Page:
One double answer is: What rule does your (unstated) textbook specify? And -- if different -- what do your teachers expect? We can't answer either from your post.
A longer answer is that several rules can be found, for example under the heading of percentile rank. I suggest as starting points two linked principles for good rules:
Low values and high values should be treated symmetrically and consistently. So the person with rank 1 out of 24 and the person with rank 24 of 24 would have percentile ranks that add to 100. A rank of 100/24 $\approx$ 4% for the lowest and of 2400/24 = 100% for the highest is not a procedure that satisfies this principle.
Specifically, and consistent with #1, if the number of marks is odd then the middlemost mark -- say for the person with rank 12 out of 23, with 11 marks higher and 11 marks lower -- is assigned percentile rank 50% as being the median mark.
Several rules satisfy these principles, including 100 $\times$ (rank $-$ 0.5) / sample size and 100 $\times$ rank / (sample size $+$ 1). In statistics, these details are sometimes discussed under the heading of plotting positions, jargon for the precise cumulative probabilities to be used on quantile plots (historically often called probability plots).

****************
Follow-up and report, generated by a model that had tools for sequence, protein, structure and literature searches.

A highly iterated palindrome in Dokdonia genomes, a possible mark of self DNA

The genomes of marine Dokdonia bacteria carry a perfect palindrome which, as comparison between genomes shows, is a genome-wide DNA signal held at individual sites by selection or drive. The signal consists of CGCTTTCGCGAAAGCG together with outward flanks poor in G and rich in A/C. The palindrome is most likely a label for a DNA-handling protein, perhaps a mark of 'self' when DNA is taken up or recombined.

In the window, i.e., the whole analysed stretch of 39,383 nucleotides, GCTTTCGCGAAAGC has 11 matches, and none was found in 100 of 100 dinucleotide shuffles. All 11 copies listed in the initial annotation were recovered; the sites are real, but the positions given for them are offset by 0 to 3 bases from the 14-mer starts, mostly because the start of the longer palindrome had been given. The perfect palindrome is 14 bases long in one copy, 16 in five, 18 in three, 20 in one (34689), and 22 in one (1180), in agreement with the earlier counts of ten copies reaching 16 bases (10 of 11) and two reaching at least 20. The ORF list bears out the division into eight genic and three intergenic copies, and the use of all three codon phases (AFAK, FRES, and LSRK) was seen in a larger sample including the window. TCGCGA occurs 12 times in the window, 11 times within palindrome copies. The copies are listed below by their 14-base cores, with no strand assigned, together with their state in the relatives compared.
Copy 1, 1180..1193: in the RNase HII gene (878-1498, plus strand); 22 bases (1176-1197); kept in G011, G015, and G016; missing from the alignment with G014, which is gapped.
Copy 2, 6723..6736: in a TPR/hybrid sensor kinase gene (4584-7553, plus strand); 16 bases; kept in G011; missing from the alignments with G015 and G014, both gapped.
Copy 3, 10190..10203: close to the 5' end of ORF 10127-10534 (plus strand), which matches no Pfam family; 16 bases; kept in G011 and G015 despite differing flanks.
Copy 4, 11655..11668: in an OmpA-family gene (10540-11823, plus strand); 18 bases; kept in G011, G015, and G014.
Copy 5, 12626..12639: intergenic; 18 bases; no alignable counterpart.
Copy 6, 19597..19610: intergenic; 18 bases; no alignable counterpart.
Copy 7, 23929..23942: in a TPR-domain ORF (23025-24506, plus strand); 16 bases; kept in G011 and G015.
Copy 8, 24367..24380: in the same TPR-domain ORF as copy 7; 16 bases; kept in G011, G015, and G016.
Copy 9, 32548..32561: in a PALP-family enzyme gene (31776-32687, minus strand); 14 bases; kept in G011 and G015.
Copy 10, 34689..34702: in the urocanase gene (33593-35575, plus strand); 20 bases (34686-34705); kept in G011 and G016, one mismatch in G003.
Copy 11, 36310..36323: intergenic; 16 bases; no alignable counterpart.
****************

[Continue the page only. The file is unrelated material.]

Those two rules return 77% and 76% respectively for rank 19 out of 24, rounding to the nearest integer. For large sample sizes, results will be close.
Nothing said yet about tied ranks, but it is hard to defend any procedure except the same mark being given the same rank, conventionally by averaging to preserve the sum of ranks. Hence marks 42, 56, 56, 56, 98 would have been ranked 1, 2, 3, 4, 5 had the 56s been slightly different, so are assigned ranks 1, 3, 3, 3, 5 given that (2 + 3 + 4) / 3 $=$ 3.
In reporting marks to students or anyone else, there may well be a polite convention of rounding up, but that's politics and psychology, not statistics.